U.S. stocks closed higher Thursday after central banks around the world rolled out several emergency measures designed to lessen the economic fallout stemming from the coronavirus disease 2019 (COVID-19) pandemic. Between Wednesday and Thursday, the Federal Reserve launched a new lending facility to backstop U.S. money-market mutual funds and extended its currency exchange program with other central banks, and the Bank of England lowered its benchmark interest rate to a record low, according to Wall Street Journal reports.

Despite the one-day uptick, the nation’s economy has entered a recession, and the coronavirus largely is to blame, claimed National Investment Center for Seniors Housing & Care Chief Economist Beth Burnham Mace Thursday, during a presentation at the McKnight’s Long-Term Care News Spring Online Expo. She added that she expects the recession to continue through the second quarter of this year. 

“The full impact of coronavirus-related damage will take a while to sort out,” she told attendees.

Across the nation, senior living providers and healthcare real estate investment trusts continue to provide updates on how their facilities are dealing with the virus and its effects on occupancy rates.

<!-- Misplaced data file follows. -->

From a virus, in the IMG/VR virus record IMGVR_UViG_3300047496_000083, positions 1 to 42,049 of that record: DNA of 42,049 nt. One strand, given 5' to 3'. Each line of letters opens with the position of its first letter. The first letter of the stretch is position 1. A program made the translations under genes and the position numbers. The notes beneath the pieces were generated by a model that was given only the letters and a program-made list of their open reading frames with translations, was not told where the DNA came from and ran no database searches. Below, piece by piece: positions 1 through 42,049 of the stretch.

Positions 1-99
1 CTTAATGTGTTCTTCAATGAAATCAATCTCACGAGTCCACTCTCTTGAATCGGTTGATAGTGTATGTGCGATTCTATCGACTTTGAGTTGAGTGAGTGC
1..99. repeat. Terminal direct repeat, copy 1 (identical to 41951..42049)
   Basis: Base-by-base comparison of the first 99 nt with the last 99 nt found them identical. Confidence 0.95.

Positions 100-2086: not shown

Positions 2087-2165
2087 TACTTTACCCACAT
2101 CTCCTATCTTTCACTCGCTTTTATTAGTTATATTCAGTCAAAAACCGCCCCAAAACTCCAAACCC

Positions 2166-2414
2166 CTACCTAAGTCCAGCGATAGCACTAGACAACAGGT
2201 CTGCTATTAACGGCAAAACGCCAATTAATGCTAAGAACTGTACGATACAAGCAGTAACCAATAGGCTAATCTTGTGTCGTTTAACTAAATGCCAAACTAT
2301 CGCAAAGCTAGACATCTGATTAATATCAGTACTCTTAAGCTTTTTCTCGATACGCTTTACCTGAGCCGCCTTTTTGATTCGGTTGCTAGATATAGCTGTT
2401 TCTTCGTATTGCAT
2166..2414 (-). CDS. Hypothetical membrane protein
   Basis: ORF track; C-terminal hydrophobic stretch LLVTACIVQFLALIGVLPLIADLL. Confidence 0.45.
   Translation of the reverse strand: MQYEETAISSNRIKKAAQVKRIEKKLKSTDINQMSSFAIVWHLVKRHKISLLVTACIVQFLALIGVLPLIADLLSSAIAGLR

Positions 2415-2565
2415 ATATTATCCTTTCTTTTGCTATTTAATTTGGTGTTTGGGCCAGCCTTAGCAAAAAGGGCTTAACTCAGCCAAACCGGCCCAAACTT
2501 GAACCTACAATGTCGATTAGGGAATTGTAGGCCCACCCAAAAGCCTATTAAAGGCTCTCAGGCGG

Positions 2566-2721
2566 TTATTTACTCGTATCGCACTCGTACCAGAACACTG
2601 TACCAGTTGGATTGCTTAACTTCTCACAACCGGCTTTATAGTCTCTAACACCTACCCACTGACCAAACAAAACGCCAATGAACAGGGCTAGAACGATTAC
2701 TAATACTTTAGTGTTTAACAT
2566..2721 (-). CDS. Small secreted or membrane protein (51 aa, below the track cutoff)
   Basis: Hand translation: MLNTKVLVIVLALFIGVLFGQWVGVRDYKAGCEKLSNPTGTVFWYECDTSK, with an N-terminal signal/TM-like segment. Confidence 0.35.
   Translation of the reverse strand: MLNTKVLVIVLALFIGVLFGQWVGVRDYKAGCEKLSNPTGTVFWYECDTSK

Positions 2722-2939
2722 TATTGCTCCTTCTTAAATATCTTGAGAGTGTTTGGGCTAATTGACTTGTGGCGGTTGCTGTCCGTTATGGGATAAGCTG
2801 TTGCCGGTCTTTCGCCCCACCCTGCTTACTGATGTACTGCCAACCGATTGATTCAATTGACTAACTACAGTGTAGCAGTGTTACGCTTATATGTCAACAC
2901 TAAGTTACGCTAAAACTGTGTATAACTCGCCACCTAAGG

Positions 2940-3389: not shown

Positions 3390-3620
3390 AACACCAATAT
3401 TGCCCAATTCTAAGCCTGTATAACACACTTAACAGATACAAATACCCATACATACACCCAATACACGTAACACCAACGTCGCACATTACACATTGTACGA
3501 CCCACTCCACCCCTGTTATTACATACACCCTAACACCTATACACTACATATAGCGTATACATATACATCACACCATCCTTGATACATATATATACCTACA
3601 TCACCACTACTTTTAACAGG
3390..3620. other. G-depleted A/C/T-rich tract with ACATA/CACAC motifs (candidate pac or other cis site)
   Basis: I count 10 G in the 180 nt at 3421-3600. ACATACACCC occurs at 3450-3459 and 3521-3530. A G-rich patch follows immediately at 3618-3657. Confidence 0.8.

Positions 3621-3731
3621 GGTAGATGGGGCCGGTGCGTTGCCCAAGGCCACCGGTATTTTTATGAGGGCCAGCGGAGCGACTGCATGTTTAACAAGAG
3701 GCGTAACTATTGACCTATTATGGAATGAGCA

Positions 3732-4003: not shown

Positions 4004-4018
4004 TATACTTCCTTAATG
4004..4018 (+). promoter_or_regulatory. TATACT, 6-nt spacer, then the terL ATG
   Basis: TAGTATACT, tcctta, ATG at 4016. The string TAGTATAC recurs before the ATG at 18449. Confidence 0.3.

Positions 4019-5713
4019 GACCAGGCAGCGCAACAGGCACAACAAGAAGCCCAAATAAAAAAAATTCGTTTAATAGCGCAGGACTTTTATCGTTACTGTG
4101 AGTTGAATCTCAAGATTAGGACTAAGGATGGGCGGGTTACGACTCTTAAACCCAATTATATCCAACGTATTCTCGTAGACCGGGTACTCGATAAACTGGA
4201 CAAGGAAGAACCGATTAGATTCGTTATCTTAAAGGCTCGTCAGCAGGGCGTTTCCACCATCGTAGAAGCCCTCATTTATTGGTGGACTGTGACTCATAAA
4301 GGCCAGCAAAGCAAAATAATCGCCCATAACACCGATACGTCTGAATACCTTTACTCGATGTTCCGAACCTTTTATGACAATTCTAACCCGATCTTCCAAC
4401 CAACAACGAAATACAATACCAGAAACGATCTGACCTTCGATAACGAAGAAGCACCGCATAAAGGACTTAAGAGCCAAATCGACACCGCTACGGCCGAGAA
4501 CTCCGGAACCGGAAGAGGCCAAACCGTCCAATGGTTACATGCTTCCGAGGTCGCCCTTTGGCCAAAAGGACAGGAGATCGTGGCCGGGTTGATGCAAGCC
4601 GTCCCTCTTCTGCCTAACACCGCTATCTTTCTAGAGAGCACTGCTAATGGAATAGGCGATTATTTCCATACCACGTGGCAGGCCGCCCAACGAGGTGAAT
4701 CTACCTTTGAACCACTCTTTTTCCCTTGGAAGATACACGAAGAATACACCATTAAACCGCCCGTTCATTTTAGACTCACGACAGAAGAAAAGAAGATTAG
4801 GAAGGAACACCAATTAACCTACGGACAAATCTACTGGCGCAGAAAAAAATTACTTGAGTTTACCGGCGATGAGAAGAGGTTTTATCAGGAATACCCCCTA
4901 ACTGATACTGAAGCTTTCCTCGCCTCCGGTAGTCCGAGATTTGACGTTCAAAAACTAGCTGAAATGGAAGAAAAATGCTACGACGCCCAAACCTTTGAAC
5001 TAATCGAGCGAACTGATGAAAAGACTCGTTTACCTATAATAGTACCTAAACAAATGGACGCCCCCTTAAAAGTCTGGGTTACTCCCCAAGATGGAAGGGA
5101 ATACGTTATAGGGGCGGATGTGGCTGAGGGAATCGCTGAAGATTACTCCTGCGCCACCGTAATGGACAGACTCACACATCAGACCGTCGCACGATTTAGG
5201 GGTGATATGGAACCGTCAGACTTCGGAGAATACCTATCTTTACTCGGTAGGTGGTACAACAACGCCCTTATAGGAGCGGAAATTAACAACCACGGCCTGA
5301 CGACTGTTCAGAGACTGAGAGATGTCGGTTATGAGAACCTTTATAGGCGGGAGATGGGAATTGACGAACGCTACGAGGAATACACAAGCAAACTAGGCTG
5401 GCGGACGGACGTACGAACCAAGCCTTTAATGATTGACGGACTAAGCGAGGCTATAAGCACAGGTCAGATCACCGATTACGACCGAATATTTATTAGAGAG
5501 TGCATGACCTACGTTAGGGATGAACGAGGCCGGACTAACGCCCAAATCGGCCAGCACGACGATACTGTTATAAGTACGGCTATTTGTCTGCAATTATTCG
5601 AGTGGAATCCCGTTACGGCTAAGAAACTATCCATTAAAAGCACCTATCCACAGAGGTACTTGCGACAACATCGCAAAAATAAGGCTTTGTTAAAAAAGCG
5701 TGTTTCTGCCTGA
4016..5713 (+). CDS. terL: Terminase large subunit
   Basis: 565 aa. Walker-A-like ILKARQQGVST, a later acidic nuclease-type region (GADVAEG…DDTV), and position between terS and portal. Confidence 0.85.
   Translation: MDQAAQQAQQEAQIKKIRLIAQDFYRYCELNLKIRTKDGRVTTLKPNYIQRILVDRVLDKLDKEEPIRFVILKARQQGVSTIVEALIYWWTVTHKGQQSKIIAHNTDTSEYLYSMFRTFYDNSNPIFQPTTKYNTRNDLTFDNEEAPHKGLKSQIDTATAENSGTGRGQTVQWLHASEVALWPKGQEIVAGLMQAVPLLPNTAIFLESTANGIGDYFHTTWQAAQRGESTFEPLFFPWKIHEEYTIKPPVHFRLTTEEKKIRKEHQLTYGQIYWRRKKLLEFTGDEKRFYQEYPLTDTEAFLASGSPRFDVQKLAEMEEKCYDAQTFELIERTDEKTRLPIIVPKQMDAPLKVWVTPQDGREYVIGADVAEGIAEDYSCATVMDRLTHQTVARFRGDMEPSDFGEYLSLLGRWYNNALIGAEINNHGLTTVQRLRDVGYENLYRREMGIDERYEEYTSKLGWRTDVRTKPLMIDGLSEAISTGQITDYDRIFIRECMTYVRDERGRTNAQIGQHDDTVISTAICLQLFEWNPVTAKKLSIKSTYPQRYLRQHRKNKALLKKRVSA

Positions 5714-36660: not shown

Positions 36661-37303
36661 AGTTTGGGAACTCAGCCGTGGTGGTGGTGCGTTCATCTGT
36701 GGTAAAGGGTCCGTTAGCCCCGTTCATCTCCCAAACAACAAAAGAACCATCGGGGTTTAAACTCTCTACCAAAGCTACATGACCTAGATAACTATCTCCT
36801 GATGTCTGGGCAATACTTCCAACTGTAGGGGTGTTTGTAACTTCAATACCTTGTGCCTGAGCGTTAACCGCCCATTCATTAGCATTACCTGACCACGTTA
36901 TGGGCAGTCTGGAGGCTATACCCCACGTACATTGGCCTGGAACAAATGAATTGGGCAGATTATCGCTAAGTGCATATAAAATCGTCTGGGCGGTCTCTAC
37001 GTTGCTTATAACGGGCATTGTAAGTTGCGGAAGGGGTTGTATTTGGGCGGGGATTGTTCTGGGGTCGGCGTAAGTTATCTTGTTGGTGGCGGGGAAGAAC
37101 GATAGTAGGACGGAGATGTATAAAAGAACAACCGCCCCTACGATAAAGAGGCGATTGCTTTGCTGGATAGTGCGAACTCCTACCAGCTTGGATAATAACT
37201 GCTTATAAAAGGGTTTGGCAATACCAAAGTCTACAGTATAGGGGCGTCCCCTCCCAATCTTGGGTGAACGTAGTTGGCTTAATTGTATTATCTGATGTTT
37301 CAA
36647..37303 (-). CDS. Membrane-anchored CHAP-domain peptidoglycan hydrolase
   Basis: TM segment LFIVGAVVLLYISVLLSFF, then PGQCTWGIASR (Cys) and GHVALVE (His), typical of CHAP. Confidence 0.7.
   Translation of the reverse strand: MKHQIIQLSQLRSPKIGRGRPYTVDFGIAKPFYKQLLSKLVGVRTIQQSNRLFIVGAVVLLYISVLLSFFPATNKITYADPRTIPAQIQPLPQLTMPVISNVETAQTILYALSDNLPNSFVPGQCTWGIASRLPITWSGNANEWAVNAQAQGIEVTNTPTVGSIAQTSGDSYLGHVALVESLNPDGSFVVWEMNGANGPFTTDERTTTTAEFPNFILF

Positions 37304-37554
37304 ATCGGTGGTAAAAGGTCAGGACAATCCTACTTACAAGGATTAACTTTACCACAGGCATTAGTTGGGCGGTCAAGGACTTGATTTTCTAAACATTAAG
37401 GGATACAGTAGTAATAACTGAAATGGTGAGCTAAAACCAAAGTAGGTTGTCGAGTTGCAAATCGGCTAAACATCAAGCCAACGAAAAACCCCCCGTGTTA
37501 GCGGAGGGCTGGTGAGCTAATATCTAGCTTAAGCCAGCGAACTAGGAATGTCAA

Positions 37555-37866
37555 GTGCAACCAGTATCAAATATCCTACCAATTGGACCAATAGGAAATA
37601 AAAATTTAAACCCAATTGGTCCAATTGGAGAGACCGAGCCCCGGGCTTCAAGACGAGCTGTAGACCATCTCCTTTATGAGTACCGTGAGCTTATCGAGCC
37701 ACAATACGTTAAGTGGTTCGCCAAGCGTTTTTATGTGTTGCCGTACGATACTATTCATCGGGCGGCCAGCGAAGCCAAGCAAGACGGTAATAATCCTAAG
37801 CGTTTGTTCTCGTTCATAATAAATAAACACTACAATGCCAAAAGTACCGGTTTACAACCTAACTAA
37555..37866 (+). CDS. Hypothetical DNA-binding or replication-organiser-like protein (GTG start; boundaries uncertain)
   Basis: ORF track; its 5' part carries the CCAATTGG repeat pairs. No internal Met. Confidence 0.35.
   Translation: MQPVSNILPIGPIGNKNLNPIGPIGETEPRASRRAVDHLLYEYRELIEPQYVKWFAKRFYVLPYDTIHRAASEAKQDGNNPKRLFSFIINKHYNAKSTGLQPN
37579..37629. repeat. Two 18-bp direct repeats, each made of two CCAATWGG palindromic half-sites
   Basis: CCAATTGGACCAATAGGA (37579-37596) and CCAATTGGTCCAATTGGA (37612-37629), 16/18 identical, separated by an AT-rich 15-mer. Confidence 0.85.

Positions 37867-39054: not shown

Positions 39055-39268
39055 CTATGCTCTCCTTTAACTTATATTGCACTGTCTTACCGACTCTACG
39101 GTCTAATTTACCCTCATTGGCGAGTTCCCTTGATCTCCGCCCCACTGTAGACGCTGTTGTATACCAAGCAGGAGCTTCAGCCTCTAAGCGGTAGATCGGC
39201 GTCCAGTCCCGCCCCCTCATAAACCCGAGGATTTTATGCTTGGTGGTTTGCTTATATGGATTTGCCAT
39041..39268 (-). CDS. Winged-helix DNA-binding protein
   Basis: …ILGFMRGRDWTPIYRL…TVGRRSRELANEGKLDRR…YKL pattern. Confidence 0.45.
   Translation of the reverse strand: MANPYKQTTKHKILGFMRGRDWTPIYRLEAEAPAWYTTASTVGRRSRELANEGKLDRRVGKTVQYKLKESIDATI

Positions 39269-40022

Late Wednesday, Sabra Health Care REIT reported that the company now has two facilities, one each with two different operators in its portfolio, with positive COVID-19 tests. Both facilities have stopped admissions and are following local public health protocols regarding quarantine and staff screening, according to the company. The REIT also reported that it has not, to date, seen a material reduction in occupancy but noted that most operators have stopped physical tours to limit access to essential visitors only. 

“We are monitoring the situation, keeping abreast of updates from the CDC and are in regular contact with our operators,” said Michael Costa, Sabra’s executive vice president of finance. “The situation is evolving quickly, and it is too soon to predict what type of impact this will have on Sabra financially. Our balance sheet is the strongest it has ever been, and we have almost $1 billion in available liquidity, which will help us weather this storm.”

National Health Investors also reported Wednesday that the firm is unaware of any positive COVID-19 tests across its 238-community senior housing and skilled nursing portfolio. Thirty-four of the firm’s senior housing communities and four skilled nursing facilities, however, have reported that they have self-quarantined residents or patients with testing for the virus in-process, or the facilities are located in counties or adjacent to counties that have more than 100 confirmed cases.

In a Thursday press release from Legacy Senior Living, the operator of 14 assisted living facilities throughout the Southeast also reported zero confirmed cases of COVID-19. But the firm said it has canceled its annual leadership meeting and reallocated funding toward extra supplies and backup staffing.

“No expense will be spared to accommodate our residents’ needs and fulfill our mission to the best of our ability,” said Bryan Cook, co-founder and president of Legacy Senior Living. “We have prepared significant medical, food and water supplies ready for disbursement in case of a facility outbreak. We have on-site leadership ready to physically support our communities as needed.”